15 Jan Reflections on the High Holidays
September 10, 2018 / 1 Tishri 5779
As a preparation for the upcoming High Holidays, I would like to share these thoughts on the season, sent to me by Terry Waslow, executive director of the Congress of Secular Jewish Organizations.
Rosh Hashana and Yom Kippur are very different from other Jewish Holidays. These days do not commemorate an event or retell a story. These days are personal days set aside to urge us to reassess our actions and prepare to live in our most principled way. These are days dedicated to acknowledging our mistakes, to accepting our shortcomings and to working to become our best selves. We all have visions of ourselves as good people who make the world a better place. This is the time of year that we commit to that vision and to making it a reality. We do this each year as we know that it is an ongoing struggle and we accept our responsibility for creating a just and sweet world for all.
I remember being told as a child that I needed to wake up each morning, look in the mirror and decide if the person I saw was someone I liked and respected. I needed to confirm that I was the person I wanted to be. I was told that each action I took would impact who I was and how I saw myself. My parents instilled in me the idea that every day is an opportunity to review my actions and ensure they reflect my principles.
We are fortunate to be part of a tradition that sets aside specific days each year to search deep within the person in the mirror. We join with others across the globe who are honoring these days with the same intentions. Whether we are part of a local Jewish community or we are alone in our own thoughts, we are taking part in a tradition that encourages us to be our best selves. It is a tradition that allows us to own our shortcomings and our mistakes and to be able to move beyond them with dignity and a commitment to be better.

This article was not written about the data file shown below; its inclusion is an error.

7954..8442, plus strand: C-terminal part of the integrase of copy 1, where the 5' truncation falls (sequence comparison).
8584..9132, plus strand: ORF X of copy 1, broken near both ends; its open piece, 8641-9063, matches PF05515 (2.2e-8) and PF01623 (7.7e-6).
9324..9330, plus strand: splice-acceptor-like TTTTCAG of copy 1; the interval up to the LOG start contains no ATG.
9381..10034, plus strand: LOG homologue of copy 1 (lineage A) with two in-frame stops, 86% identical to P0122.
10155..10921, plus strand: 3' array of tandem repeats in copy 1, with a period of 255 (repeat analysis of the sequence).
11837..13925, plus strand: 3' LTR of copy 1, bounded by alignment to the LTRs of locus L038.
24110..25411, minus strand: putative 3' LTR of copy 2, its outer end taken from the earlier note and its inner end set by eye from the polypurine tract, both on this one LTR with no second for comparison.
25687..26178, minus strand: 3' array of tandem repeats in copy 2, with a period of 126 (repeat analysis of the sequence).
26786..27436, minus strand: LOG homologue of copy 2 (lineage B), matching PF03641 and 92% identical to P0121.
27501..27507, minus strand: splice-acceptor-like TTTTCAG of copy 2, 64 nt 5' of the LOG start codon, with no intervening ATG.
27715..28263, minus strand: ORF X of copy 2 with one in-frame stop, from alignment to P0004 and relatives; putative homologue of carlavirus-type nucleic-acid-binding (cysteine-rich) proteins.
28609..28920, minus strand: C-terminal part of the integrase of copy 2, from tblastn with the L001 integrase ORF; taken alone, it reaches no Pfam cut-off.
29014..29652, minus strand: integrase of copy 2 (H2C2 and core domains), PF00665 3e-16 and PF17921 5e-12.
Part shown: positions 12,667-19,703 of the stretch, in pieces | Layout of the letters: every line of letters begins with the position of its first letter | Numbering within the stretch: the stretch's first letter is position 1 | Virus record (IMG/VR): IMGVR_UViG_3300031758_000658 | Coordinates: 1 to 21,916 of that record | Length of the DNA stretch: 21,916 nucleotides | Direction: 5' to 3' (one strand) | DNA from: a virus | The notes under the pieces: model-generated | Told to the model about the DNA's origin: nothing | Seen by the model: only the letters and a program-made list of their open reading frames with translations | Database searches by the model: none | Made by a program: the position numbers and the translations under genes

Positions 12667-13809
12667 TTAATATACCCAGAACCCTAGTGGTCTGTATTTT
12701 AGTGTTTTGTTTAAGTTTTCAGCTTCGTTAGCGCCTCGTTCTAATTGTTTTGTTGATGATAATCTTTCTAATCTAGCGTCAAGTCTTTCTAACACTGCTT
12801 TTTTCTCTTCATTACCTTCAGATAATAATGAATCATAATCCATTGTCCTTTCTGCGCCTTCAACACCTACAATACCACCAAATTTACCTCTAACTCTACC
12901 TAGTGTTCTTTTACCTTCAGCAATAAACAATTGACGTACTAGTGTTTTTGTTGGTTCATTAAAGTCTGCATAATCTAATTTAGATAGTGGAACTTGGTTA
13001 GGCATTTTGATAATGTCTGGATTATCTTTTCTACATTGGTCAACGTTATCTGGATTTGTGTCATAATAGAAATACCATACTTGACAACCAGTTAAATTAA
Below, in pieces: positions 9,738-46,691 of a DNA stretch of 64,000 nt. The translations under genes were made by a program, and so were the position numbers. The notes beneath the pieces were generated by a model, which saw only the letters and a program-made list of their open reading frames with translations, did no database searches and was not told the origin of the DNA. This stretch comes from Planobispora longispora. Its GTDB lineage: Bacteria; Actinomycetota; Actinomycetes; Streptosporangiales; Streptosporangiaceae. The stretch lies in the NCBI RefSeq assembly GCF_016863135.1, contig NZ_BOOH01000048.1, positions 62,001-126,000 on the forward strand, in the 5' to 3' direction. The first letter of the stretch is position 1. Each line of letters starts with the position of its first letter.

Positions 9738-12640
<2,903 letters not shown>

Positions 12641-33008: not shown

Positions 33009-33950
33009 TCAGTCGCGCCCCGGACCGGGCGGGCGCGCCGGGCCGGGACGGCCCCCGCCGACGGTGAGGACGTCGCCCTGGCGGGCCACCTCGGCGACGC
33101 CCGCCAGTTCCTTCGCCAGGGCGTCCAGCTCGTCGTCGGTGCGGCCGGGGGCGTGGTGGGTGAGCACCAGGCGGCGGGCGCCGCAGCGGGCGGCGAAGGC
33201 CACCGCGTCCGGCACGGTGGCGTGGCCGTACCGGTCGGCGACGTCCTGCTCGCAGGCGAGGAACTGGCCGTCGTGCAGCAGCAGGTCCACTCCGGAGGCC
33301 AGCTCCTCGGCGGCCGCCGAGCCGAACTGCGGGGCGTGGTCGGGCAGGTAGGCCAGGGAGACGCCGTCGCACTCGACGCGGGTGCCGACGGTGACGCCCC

When we take time to really look at ourselves and think about who we are, as Jews, as citizens of our respective countries, descendants of our people, an infinitesimally small part of humanity, do we see someone we respect?
Someone who adds positive qualities to this world? Do we actively make this a better place? Do we commit to our identity as modern, contemporary Jews and work to build that community, sharing the traditions and living the ethics we hold dear? What aspects of ourselves cause us to pause and alter our course so that we ensure, each day, the person in the mirror is who we really want to be?
May this be a year of kindness, compassion and justice for all and may you have the strength to help make it happen.
A gut un zis yor, shana’ tova’ u’metukah, a good and sweet year to all!
— Rabbi Frank